ISIS: Carthago Delenda Est
    "I used to roll the dice; see the fear in my enemies' eyes... listen as the crowd would sing, 'now the old king is dead, Long Live the King.'.."

  5. #25
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    Re: Politics and people

    Quote Originally Posted by Harry Guerrilla View Post
    That is true.
    It doesn't necessarily have to be legislation.

    I was actually reading about something yesterday, that was done by a private bank in South Africa.
    They wanted to get more customers, from the large, generally unbanked black population.
    Pretty cool story, the ending sucks though because the government closed it down.

    Freakonomics » Lottery Loopholes and Deadly Doctors: A New Freakonomics Radio Podcast

    Transcript is available at the bottom of the page, before the comments section.

    I see... interesting. I have no objection to purely-voluntary incentives.... but the gov rarely does anything that is purely voluntary (ie if you don't do it their way you pay higher taxes... I dont consider that purely voluntary).

    Fiddling While Rome Burns
    ISIS: Carthago Delenda Est
    "I used to roll the dice; see the fear in my enemies' eyes... listen as the crowd would sing, 'now the old king is dead, Long Live the King.'.."

  6. #26
    Doesn't go below juicy
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    Re: Politics and people

    Oh and here's a random picture of a crying cat


  7. #27
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    Re: Politics and people

    Quote Originally Posted by megaprogman View Post
    I'm not sure. I think my question has more to do with how much one is an optimist. For example proponents of the 401k program thought they would be helping people be in control of their money and move them towards responsibility and we are about to have a ****ton of people retire without savings, which is going to put a huge burden on everyone.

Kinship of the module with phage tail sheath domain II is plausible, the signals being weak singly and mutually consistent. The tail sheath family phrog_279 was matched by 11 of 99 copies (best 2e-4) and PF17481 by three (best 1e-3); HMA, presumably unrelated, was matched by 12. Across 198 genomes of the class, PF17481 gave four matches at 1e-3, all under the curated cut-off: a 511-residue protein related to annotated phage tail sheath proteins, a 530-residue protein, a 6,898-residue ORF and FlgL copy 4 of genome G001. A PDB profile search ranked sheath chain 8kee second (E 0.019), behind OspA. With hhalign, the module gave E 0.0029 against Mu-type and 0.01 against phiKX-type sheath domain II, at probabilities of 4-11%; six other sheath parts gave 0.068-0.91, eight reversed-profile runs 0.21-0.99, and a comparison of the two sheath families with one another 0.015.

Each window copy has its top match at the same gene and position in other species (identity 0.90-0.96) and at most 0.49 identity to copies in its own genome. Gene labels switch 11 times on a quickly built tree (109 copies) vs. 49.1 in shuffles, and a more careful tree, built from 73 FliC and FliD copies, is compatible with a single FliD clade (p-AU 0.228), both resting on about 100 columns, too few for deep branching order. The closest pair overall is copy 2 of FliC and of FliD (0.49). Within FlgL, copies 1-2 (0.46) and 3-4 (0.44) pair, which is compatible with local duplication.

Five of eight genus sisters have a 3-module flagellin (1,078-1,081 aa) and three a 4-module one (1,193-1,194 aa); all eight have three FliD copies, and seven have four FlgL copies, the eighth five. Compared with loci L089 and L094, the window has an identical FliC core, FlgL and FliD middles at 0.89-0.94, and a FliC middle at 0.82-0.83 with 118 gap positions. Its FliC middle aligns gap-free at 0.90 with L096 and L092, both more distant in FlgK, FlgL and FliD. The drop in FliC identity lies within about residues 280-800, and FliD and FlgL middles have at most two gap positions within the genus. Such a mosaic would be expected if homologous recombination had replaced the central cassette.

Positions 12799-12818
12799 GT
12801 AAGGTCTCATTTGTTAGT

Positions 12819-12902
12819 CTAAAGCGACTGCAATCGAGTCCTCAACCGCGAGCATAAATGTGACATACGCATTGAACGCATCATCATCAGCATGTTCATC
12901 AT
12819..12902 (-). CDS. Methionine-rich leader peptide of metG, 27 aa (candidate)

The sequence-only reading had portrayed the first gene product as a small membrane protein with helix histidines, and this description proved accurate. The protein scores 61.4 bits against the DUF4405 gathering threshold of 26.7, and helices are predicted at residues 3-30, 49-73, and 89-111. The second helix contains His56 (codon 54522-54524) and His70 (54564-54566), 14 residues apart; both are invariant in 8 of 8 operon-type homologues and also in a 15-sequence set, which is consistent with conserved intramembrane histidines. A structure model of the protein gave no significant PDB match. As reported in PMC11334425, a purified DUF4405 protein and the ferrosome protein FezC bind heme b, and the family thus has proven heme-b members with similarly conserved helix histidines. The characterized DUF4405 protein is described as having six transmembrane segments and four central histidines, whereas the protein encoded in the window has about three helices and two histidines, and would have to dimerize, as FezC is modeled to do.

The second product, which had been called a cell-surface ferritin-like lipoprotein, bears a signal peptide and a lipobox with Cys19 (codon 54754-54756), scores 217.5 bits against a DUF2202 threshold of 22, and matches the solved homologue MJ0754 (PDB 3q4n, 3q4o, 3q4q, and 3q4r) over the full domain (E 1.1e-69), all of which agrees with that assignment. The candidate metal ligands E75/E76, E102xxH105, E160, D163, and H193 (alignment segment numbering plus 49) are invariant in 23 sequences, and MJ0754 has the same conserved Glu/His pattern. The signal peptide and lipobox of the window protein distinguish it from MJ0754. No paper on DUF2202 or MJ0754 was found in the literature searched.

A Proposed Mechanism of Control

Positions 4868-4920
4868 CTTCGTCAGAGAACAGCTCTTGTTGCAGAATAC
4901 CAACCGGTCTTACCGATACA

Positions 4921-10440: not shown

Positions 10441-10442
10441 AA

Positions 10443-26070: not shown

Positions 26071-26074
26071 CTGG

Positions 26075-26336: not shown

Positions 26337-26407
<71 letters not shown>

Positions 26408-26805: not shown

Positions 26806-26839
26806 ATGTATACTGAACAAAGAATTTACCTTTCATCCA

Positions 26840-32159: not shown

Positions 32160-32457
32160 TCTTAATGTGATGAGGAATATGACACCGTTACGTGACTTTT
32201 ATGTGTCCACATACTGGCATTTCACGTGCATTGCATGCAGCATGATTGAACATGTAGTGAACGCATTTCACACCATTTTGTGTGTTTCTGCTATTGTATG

So the question is, was this a social engineering failure based on the idea that people would change in response to a new law?

    There are countless examples of this, but the 401k one was just on the radio.
    I am 66, wife is 65, we retired well even tho we grew up poor, started with very little between us....We know a lot of people in our age group who did not save, did not prepare, many who had a better start than us, and they are still working if they can, or just not enjoying their low income retirement. Most don't even own a home, still have a mortgage. They did live well while working, tho.
    Somehow they got the idea that there is govt gold at the end of the rainbow, that Uncle Sam would increase SS so that it becomes a livable income. Surprise, Surprise, Surprise......as Gomer would say....
    I hope their children and grandchildren take note, and adjust their retirement plans accordingly....
    Oracle of Utah
    Truth rings hollow in empty heads.

  8. #28
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    Re: Politics and people

    Quote Originally Posted by megaprogman View Post
    I guess this question is a fail then.
    Actually I think this is a pretty good one - it has often been a back-of-my-mind critique of those I am arguing with that they seem to be assuming that the current set of parameters is somehow set into reality by an unbreakable force. I can't think how many times I've gone off on rants about dynamic v static scoring.

  9. #29
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    Re: Politics and people

    I support policies that would encourage certain behaviours.

    For social policies I dislike and would never support forced individual actions, or policies that prevent certain actions (non harmfull to others)

    So, I do support "sin" taxes, tax policies that encourage people to save money for retirement, etc. It does to an extent from the basis of my politics

    So I would not support banning alcohol, sugar, salt or harder drugs, but would support regulation and taxation to discourage excess use.
    Happy Hanukkah Cheerfull Kwanzaa
    Happy Christmas Merry New Year Festivus for the rest of us

  10. #30
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    Re: Politics and people

    Definitely where people are at.

    Getting people to go in a particular direction is harder than herding cats.